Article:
Delay to junk food ads ban could ‘blow a hole’ in UK obesity strategy

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The decision to delay a ban on supermarket offers, including “buy-one-get-one-free” deals on junk food, could “blow a hole” in the government’s obesity strategy, a former health minister has warned.

Amid rising concern about food costs, it emerged on Friday that the government will delay a ban on multibuy deals for foods deemed unhealthy or fattening. It will also pause plans to ban pre-watershed TV advertising for foods high in fat, salt or sugar.

It is understood that the prime minister, Boris Johnson, decided to delay the implementation of the policies by at least a year – and potentially scrap them altogether – after chairing a ministerial meeting to find ways to alleviate the cost of living crisis on Wednesday.

Lord Bethell, a former health minister, piloted measures to ban multibuy deals before he was sacked in last year’s reshuffle. He said failures to stop people eating junk food will increase the number of people needing NHS treatment.

He told BBC Radio 4’s Today programme: “I am concerned that it will blow a hole in the obesity strategy. That has a massive follow-on effect on all of our health targets.

“More people are getting cancer due to obesity-related effects. So the cancer 10-year plan, the extra five years of longevity and many more of our health targets are damaged by this.

“All of this illness that is caused by [being] overweight from junk food is being carried by the NHS and by the taxpayer.

“We do need to account for all of the costs of the obesity crisis in this country, and it is one way of mitigating those costs without actually banning things or taking more extreme measures.”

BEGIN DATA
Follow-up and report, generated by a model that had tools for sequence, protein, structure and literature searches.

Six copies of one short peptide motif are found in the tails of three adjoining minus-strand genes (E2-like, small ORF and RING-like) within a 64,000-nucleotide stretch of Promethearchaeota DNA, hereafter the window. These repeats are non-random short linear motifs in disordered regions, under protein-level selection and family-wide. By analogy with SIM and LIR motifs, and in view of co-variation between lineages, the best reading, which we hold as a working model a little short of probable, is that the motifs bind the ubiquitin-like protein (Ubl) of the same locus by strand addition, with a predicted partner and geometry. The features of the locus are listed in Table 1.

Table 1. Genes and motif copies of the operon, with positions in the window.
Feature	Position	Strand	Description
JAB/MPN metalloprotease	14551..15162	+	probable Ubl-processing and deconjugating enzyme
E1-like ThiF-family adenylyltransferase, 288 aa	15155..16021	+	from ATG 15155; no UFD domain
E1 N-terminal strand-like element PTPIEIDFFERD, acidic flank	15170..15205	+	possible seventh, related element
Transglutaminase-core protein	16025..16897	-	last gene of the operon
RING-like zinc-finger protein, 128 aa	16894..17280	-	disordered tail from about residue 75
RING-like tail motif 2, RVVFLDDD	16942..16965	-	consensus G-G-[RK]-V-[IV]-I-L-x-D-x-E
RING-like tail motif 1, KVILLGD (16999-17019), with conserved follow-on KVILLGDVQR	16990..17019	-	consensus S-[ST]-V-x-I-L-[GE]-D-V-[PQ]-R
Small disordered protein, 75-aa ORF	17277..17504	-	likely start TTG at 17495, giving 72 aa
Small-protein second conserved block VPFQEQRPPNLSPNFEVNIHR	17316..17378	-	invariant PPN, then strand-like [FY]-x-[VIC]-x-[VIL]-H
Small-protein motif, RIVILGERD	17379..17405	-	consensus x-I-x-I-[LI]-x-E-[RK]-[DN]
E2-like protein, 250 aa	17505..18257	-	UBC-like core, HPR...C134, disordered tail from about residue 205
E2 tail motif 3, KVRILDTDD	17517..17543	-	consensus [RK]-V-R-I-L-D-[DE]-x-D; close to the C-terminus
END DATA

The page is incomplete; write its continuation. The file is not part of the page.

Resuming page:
The government published its strategy to tackle obesity in July 2020, noting that one in three children leaving primary school were overweight or obese. There was also a link between higher death rates with people who were obese and Covid-19.

Bethell said he did not think parliament would let the block on multibuy deals to go through. “Parliamentary practicalities are that it will be extremely difficult to return to these measures before the next election,” he said.

“I’d like to take the government at its word, but naturally I am concerned that this is backing off the obesity strategy top to bottom.”

The Department of Health and Social Care said the ban on multibuy promotions would now come into effect in October 2023, while the ban on TV adverts before 9pm would be delayed to January 2024.

The move has been criticised by health campaigners.

Jamie Oliver, a longtime campaigner for healthy eating, said Johnson needed to show “real leadership” and stop making excuses for not forging ahead with the national anti-obesity strategy.

“This is a wasted opportunity and it starts to erode the whole obesity strategy,” he said. “Policies like restricting junk food advertising to kids are crucial for levelling up and [are] popular with the public.

“Parents and kids don’t want to hear any more excuses from the government. I really hope the prime minister proves me wrong and shows real leadership to give young people a healthier and fairer future.”

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The public health minister, Maggie Throup, said the government was still determined to tackle the problem of childhood obesity.

“Pausing restrictions on deals like buy-one-get-one-free will allow us to understand its impact on consumers in light of an unprecedented global economic situation,” she said.